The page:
General Motors has applied for a patent for a built-in vehicle foot massage system, GM Authority has learned.
Assigned application number 16/538,897, at the United States Patent and Trademark Office (USPTO), the GM patent application was filed on August 13th, 2019 and published on February 18th, 2021. Titled “VEHICLE FOOT MASSAGE SYSTEM IN A VEHICLE FLOOR,” the application lists Samuel J. Melnyk of Troy, Michigan as the inventory.
The GM patent application describes a system within a vehicle’s floor that equips said vehicle with a foot massaging system.
The system includes a plurality of pneumatic elements positioned on the vehicle floor, an air pressure generating device, and a plurality of connecting lines each in communication with one of the pneumatic elements and with the air pressure generating device.
The GM patent suggests that, in one exemplary aspect, the pneumatic elements would be distributed on the vehicle floor in front of a passenger seat, positioned to correspond to a foot location for a passenger occupying the seat. The pneumatic elements would be positioned relative to each other along a longitudinal axis of the vehicle. A first group of pneumatic elements are positioned in one of a right side and a left side of the vehicle floor, and a second group positioned on the right side and the left side of the vehicle floor, both in front of the passenger seat. The plurality of pneumatic elements may at least partially overlap. The system also includes an air manifold in communication with the plurality of connecting lines and selective connectivity to the air pressure generating device, along with a controller that is adapted to generate an air manifold control signal.
The air manifold is responsive to the air manifold control signal from the controller to selectively permit air passage through each of the plurality of connecting lines from the air pressure generating device to the plurality of pneumatic elements. The system also includes a controller adapted to selectively generate an air pressure signal in communication with the air pressure generating device.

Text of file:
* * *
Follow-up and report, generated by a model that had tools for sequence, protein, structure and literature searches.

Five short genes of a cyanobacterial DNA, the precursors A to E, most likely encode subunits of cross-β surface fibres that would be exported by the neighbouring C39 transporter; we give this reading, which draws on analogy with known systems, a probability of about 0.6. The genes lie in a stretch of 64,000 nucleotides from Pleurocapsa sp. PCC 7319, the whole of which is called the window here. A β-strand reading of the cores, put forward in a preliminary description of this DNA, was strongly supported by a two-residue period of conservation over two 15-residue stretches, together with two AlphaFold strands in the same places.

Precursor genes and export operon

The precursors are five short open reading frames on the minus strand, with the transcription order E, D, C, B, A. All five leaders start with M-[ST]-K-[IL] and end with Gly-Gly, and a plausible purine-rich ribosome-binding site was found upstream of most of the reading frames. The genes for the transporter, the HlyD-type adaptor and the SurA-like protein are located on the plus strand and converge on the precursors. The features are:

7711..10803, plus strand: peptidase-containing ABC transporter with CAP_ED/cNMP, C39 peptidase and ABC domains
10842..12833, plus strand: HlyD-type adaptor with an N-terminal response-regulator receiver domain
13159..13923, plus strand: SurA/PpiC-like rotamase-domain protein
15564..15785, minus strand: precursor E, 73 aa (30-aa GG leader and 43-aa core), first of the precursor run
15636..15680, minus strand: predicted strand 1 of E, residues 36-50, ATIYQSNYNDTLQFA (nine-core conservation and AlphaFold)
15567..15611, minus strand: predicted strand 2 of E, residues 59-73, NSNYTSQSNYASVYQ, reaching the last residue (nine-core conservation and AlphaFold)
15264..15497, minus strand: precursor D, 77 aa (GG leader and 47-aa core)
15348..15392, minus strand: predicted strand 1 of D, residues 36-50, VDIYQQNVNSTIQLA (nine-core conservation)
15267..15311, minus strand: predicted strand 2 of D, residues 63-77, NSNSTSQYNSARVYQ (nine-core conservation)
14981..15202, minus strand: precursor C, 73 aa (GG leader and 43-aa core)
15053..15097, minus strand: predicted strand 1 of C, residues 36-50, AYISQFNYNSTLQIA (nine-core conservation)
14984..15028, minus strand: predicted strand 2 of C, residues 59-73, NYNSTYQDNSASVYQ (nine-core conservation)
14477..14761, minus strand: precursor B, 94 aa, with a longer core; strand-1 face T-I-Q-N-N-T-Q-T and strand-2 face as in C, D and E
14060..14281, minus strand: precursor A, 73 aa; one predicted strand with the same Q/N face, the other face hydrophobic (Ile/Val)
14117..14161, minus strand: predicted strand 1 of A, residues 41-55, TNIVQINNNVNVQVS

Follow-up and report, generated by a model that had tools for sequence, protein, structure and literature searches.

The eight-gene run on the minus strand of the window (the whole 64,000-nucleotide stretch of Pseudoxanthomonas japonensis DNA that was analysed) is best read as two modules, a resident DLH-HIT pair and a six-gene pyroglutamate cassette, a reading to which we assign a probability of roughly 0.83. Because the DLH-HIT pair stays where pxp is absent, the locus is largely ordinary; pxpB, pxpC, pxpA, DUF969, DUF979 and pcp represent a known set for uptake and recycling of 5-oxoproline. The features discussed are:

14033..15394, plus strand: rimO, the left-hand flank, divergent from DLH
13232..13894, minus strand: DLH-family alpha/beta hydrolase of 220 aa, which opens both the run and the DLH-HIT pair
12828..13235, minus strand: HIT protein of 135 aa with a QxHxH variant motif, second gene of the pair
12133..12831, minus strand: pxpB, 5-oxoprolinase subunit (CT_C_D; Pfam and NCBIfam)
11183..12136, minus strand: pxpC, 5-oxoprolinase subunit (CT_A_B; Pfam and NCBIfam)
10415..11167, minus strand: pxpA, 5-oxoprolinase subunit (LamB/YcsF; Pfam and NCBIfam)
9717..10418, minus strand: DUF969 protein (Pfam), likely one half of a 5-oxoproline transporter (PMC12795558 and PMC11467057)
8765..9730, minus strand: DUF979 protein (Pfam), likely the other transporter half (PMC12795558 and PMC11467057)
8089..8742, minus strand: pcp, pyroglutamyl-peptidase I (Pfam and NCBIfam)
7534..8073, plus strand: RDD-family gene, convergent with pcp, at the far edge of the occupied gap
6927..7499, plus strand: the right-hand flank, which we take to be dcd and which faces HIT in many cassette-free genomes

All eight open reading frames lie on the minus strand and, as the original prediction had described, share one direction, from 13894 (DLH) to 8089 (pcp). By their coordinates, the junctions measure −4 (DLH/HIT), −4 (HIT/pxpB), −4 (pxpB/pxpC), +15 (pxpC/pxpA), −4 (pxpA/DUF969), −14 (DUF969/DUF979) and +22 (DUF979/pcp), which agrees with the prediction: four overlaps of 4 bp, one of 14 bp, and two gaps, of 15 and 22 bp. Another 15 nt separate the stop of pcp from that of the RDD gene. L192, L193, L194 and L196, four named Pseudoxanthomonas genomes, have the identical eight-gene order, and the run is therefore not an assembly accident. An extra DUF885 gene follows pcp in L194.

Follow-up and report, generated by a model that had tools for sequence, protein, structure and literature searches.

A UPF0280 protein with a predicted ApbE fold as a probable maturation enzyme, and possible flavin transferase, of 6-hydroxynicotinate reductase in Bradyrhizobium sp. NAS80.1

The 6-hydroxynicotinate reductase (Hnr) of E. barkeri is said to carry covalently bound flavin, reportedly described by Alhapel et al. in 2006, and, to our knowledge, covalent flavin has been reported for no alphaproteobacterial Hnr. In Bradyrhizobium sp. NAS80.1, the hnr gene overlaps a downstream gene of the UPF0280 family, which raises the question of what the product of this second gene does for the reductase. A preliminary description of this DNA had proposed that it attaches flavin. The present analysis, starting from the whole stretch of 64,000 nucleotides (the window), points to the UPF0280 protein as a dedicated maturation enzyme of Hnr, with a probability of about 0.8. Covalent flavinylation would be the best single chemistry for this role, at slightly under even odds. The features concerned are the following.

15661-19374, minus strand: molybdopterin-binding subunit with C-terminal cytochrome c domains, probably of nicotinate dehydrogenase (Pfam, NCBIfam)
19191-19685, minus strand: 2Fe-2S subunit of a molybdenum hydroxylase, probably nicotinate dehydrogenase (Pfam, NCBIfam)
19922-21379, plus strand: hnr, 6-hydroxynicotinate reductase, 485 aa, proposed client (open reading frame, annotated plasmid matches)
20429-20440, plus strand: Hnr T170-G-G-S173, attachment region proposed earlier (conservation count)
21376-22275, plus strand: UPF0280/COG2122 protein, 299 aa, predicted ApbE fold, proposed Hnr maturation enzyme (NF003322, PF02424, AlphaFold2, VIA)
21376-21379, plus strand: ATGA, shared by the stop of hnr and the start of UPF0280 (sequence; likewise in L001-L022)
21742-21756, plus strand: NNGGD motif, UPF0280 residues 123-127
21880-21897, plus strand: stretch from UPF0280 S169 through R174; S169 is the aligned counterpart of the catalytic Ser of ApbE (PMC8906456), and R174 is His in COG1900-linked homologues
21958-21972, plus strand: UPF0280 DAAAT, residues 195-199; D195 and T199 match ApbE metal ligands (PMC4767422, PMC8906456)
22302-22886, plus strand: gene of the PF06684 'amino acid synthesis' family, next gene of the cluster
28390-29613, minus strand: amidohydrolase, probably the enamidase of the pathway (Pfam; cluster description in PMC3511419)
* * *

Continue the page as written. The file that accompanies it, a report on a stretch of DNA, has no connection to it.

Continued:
In Plain English
Simply put, the above engineering jargon describes a proposed, built-in vehicle foot massage system which would utilize forced air to inflate pockets under the passenger’s feet.
For a clearer understanding of the components included in the GM patent as well as their functionalities, see the list which corresponds with the illustration below:
- 410 – vehicle user interface, which may include a display screen that offers presets or individually settable massage functions.
- 402 – controller, which may control operation of the air pump.
- 404 – air pump, which provides pressurized air to the manifold.
- 406 – air manifold, which selectively provides pressurized air to the pneumatic elements.
- 408 – pneumatic elements, which are positioned under the passenger’s feet.
The GM patent references massage seats in vehicles, which offer a host of health benefits, including but not limited to:
- Relaxation and stress relief
- Improved circulation
- Lower blood pressure
- Alleviation of headaches or migraines
- Improved circulation
- Anxiety relief
- Natural pain relief
Such a feature would surely represent the pinnacle of luxurious appointments in today’s automobile marketplace.
Where To From Here?
We’re not surprised to see The General finding innovative ways to improve passenger experience, especially with all-new EV models set to enter the market within the next four years. More specifically, a foot massage system would seem right at home in models such as the Cadillac Celestiq, which is set to feature hand-crafted interior appointments and set the precedent for the new era of Cadillac luxury vehicles.
Attention to the cabin space has been heightened with next-generation vehicles, thanks primarily to the configuration of GM’s newest propulsion system technology: Ultium Battery and Ultium Drive Motors. The flat, “skateboard” configuration allows for much more space within the vehicle, giving designers and engineers more room for innovative technologies, such as this proposed foot massage system.
As such, we expect to see a system like this one brought to market sooner rather than later, as the use of such technology can technically be integrated into virtually any GM product, though it would seem most appropriate in new-age luxury vehicles.
Check out the complete patent application in its nine-page glory right here (PDF file format).